I often joke that I was frugal before frugal was cool. I was clipping coupons in college and paying off debt in my late 20s. I was blogging about saving money before the recession really hit home.
But I’m definitely not perfect when it comes to handling money. Sometimes when I look back at decisions I made when I was in my 20s, I wince a little.
If I could go back in time, I’d pull my 20-something self aside and I’d tell her these things:
Start investing when you’re young. When I first started my career as a fledgling journalist, I was barely earning enough money to survive. The thought of putting aside money in a retirement account seemed impossible, and the need for the money seemed so far away. Now that I’ve crunched enough numbers in various retirement calculators, I see that even if I’d put just a tiny bit of money away back then, I would have amassed so much more money for retirement than I will by waiting.
Don’t be an early adopter of technology. Anytime I bought something that was considered the latest and greatest hot new gadget, either it disappointment me or was replaced by an even cooler, less expensive gadget within weeks of my purchase. When you buy something brand-spankin’ new, you’re also buying a lot of hype. If I had it to do over again, I would have exercised a bit of patinence when it comes to purchases.
You don’t need a brand new car. I’ve owned a half dozen cars in my time on the road, and I can honestly say that having a brand new, fresh of the lot car, is really not much different from buying a pre-owned vehicle with 10,000 miles on it. Except for price! HUGE difference.
Stop eating out so much. Of all of the things I have done with money in my 20s, eating out all .the. time. was probably one of my biggest financial mistakes. Since I became a stay-at-home mom, I’ve had to do a lot more cooking at home and cooking from scratch to make ends meet. I wish I’d learned those skills a decade ago, so it wouldn’t feel like such a challenge now.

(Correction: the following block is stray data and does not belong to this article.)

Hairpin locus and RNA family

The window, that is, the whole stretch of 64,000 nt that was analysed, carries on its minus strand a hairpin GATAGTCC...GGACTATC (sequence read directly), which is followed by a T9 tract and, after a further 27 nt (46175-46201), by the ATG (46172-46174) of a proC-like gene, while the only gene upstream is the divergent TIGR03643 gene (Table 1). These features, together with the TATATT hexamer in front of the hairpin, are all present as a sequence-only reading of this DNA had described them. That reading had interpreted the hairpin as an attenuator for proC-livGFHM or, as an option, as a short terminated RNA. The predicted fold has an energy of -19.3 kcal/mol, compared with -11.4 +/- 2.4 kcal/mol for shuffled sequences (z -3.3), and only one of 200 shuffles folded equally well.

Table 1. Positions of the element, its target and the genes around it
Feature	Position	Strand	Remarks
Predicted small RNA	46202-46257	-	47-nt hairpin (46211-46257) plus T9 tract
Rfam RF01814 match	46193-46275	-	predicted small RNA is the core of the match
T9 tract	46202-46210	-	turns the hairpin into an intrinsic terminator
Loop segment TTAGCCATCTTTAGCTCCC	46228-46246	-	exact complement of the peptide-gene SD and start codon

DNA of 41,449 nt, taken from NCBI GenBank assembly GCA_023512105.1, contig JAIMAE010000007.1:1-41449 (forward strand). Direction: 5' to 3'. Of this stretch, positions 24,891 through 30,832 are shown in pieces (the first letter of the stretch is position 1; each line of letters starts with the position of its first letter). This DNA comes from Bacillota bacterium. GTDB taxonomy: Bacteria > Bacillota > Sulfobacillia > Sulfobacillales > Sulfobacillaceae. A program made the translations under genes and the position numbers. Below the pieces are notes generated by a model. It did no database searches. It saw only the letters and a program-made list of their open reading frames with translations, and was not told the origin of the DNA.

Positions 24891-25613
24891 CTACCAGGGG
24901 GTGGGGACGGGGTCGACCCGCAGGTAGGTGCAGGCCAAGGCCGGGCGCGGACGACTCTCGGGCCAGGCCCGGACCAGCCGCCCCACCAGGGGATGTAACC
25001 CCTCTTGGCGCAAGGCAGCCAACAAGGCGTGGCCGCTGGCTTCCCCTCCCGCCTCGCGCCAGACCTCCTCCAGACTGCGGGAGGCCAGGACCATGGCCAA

Take care of yourself. I always told myself I would exercise tomorrow. I’d lose 10 pounds. I’d eat healthier. But I got lazy, and now that there are kids in the picture, it is so much harder to fight an aging metabolism and carve out some time to fit in a workout. It’s a lot easier to maintain good habits in your 30s than it is to form new ones, and I know that I would have saved a lot of money if my clothing sizes hadn’t fluctuated so much.
You can’t plan for everything. I was such an organized and structured 20-something. I would over-analyze and carefully plan every little thing in my life. Getting married, changing jobs, moving, building a home, having a child, then having twins – all of those things have taught me that you never know what life will bring your way. It’s a true blessing to go with the flow sometimes.
I know I can’t predict the future, but by looking back at where I’ve been, maybe I can avoid repeating my mistakes. Experience is a great teacher. I wonder what lessons I will learn in my 30s.
Now it’s your turn: What do you wish you’d known when you were in your 20s?
This post is part of Women’s Money Week 2012. For more posts about Money in Your Life, visit the Money in Your 20’s/30’s/40’s/50’s/Retirement Roundup.